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6

Dangerous advice warning: As pointed out in the comments and other answers, this is the improper solution for a flared gas fitting. Just got back from the hardware store with this: It's apparently similar to Teflon tape that you would use on a water fitting, but made specifically for gas. There is also a compound available, but I chose to use the tape ...


5

I cannot fully answer your question, but it seems that New Hampshire simply uses the ICC guidelines for building codes, including for "Plumbing, Mechanical and Fuel Gas" which seems to be the key area here. Not being an ICC member, I can't access the documents, and neither the New Hampshire Statutes website nor the State Building Codes website reprints ...


4

Corrugated pipe is generally intended only to be used as the last connection to an appliance, in a living space where it not vulnerable to banging or jostling (usually behind or in a space at the bottom of an appliance), but where it can be seen and accessed if work is being done. It is not intended to be buried in a wall, where it could be pierced by a ...


4

The tape you purchased is the correct tape for gas fittings. However, the fitting in your picture is a flared fitting. PTFE (Teflon) tape/pipe dope is only necessary on pipe thread fittings. This is because pipe threads are tapered - as you tighten the fitting, the threads bind together and deform slightly to create a seal. The pipe tape/dope helps ...


4

Use of thread seal tape does not work on the fittings that screw directly into an aluminum propane regulator. I don't know if the changes in seasonal temperature cause the aluminum to contract and expand (or something else) but six months later the fittings will be loose and leaking. I suggest using a hardening compound.


4

Short answer is, because the 1/2" flexible tubing is short enough to not cause a major pressure loss. If you ran 1/2" line the whole way, it would be too much pressure drop. Pressure drop across a pipeline is a function of all the friction losses added together. These include "major" losses (the official terminology, not mine) from the friction with the ...


3

If the house is unoccupied it's likely "winterized", which may include disconnecting the fuel tank. You'll likely have to contact the home owner or fuel supply company, and make an appointment for them to meet you and reconnect the tank temporarily. DO NOT RECONNECT THE TANK YOURSELF. If you do not own the property, it is not yours to muck around with as ...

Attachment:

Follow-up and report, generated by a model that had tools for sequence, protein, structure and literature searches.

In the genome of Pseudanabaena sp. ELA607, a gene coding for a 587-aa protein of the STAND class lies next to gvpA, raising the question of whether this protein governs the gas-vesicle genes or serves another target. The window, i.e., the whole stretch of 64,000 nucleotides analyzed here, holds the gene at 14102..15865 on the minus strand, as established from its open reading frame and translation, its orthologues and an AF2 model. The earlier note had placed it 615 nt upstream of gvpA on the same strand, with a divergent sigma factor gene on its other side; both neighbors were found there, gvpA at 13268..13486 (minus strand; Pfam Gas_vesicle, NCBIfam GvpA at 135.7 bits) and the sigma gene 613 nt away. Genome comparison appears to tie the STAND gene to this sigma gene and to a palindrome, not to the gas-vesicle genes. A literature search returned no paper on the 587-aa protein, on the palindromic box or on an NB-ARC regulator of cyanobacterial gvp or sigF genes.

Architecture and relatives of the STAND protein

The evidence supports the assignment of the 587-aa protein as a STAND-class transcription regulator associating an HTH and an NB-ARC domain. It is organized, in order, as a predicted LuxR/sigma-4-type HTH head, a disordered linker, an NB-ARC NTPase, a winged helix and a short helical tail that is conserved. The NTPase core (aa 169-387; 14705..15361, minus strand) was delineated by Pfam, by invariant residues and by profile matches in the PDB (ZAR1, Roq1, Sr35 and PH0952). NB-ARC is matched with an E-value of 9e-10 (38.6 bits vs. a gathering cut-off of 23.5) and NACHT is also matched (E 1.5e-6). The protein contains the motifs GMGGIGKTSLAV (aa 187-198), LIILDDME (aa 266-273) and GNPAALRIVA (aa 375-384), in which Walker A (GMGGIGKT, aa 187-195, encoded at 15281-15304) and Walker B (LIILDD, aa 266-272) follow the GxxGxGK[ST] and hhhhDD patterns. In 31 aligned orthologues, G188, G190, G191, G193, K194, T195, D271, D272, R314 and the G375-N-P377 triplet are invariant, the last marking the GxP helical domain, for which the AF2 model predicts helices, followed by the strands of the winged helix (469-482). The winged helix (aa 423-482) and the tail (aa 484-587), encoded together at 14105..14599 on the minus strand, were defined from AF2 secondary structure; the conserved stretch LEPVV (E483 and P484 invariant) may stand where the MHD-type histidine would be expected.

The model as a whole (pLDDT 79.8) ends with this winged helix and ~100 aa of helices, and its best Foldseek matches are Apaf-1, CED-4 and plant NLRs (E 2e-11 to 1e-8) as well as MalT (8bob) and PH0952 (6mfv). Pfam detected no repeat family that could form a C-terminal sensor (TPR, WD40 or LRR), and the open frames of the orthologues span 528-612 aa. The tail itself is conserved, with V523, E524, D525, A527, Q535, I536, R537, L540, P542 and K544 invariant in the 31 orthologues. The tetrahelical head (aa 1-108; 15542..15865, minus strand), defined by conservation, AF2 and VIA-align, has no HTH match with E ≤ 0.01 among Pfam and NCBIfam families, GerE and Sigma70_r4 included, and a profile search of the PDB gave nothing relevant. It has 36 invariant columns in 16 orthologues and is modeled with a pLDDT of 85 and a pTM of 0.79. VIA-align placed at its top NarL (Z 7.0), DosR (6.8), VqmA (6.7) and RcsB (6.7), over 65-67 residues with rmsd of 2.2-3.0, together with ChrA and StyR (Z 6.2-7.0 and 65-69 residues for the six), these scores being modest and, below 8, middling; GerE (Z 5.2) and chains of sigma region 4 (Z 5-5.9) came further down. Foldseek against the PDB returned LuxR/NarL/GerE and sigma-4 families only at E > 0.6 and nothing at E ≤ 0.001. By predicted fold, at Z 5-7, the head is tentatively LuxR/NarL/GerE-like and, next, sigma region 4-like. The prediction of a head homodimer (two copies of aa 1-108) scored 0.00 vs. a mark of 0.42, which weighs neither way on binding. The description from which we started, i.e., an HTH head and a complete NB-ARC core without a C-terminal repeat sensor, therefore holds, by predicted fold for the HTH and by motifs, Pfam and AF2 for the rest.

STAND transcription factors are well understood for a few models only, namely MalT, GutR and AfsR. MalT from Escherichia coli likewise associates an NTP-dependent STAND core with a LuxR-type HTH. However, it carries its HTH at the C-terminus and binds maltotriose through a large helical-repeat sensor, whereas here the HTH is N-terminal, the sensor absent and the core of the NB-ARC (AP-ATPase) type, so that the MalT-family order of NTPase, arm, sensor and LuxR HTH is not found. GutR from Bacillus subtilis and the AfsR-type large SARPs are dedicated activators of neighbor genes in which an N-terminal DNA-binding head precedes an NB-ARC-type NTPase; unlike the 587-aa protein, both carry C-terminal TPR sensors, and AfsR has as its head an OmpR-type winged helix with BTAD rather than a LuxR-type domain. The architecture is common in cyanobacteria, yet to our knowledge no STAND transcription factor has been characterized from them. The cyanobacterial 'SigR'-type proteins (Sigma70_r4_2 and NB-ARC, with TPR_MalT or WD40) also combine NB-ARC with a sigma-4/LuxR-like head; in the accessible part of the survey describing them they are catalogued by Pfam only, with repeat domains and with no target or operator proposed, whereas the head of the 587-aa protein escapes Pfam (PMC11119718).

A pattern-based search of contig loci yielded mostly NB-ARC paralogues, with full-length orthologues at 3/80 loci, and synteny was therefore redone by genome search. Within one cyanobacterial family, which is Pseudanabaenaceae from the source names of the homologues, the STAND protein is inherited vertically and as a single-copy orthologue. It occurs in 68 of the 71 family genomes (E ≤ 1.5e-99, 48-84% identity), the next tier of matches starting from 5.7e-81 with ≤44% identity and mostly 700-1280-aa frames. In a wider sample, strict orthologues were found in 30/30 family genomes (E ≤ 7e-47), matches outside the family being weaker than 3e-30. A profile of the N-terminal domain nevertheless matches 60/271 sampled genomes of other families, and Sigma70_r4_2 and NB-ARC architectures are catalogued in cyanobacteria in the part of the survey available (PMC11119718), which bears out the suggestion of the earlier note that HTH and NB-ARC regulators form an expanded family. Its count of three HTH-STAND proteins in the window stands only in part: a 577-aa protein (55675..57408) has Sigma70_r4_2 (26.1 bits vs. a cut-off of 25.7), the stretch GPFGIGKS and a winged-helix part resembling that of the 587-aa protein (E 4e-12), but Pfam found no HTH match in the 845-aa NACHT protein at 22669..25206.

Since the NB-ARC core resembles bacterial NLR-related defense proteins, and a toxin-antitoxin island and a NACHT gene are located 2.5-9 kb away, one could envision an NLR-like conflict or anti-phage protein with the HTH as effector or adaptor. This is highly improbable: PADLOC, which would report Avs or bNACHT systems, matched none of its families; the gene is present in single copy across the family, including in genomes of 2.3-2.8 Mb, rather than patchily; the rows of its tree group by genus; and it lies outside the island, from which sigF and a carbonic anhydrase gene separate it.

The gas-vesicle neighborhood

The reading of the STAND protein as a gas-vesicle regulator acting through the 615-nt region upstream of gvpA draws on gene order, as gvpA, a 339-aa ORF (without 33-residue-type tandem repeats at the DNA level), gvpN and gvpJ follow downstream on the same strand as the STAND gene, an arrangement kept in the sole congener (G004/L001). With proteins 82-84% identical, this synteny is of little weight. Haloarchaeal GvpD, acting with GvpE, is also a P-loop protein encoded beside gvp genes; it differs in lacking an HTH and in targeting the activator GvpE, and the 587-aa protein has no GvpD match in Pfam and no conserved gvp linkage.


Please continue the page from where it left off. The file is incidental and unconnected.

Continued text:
3

When I first read this, my first instinct was "don't", and I think that still holds. You are mixing water, electricity and possibly natural gas in a single untested design, and if anything goes wrong your pool could drain out, you could get electrocuted going in the water, or you could even end up with a bomb. It's not worth whatever costs you'd save ...


3

Where is the tankless water heater to be located? If it is in a space that is heated, then freezing will not likely be a concern as there will be plenty of heat gain through the equipment enclosure. If freezing is still a concern, look for a tankless unit that has a electric element for freeze protection. This will use a lot of energy if the unit is located ...


3

You'll need to look into your local code to find out if it's approved. Where I live, compression fittings aren't allowed for gas but flared fittings are. If you're not sure, you should contact a licensed gas fitter in your area.


2

You're question is vague and has a couple sub-questions, so let me offer a little Q&A: Q: Are there any central heating furnaces that use propane? A: Yes Q: Can I convert an existing natural gas furnace to use propane? A: Perhaps, but only with a manufactorer-approved adapter. Propane has more energy than natural gas does, so you must not just swap out ...


2

It's possible, but unless your furnace is way over sized, you can't just stick a heavier box in the same packaging and burn wood in it. You can reuse the duct work and blower, but everything else would need to be replaced. Depending on how much heat you need, it may not make sense to place the fire box where your furnace is. Further more, you may want to ...


2

I usually encourage DIY projects, but when it comes to gas applications, I have to strongly caution you to consider using a licensed gas installer to connect an on demand water heater. Nothing in a home is more dangerous than gas and it MUST be installed correctly and pressure tested. Venting the exhaust is extremely important as well, and a mistake can be ...


2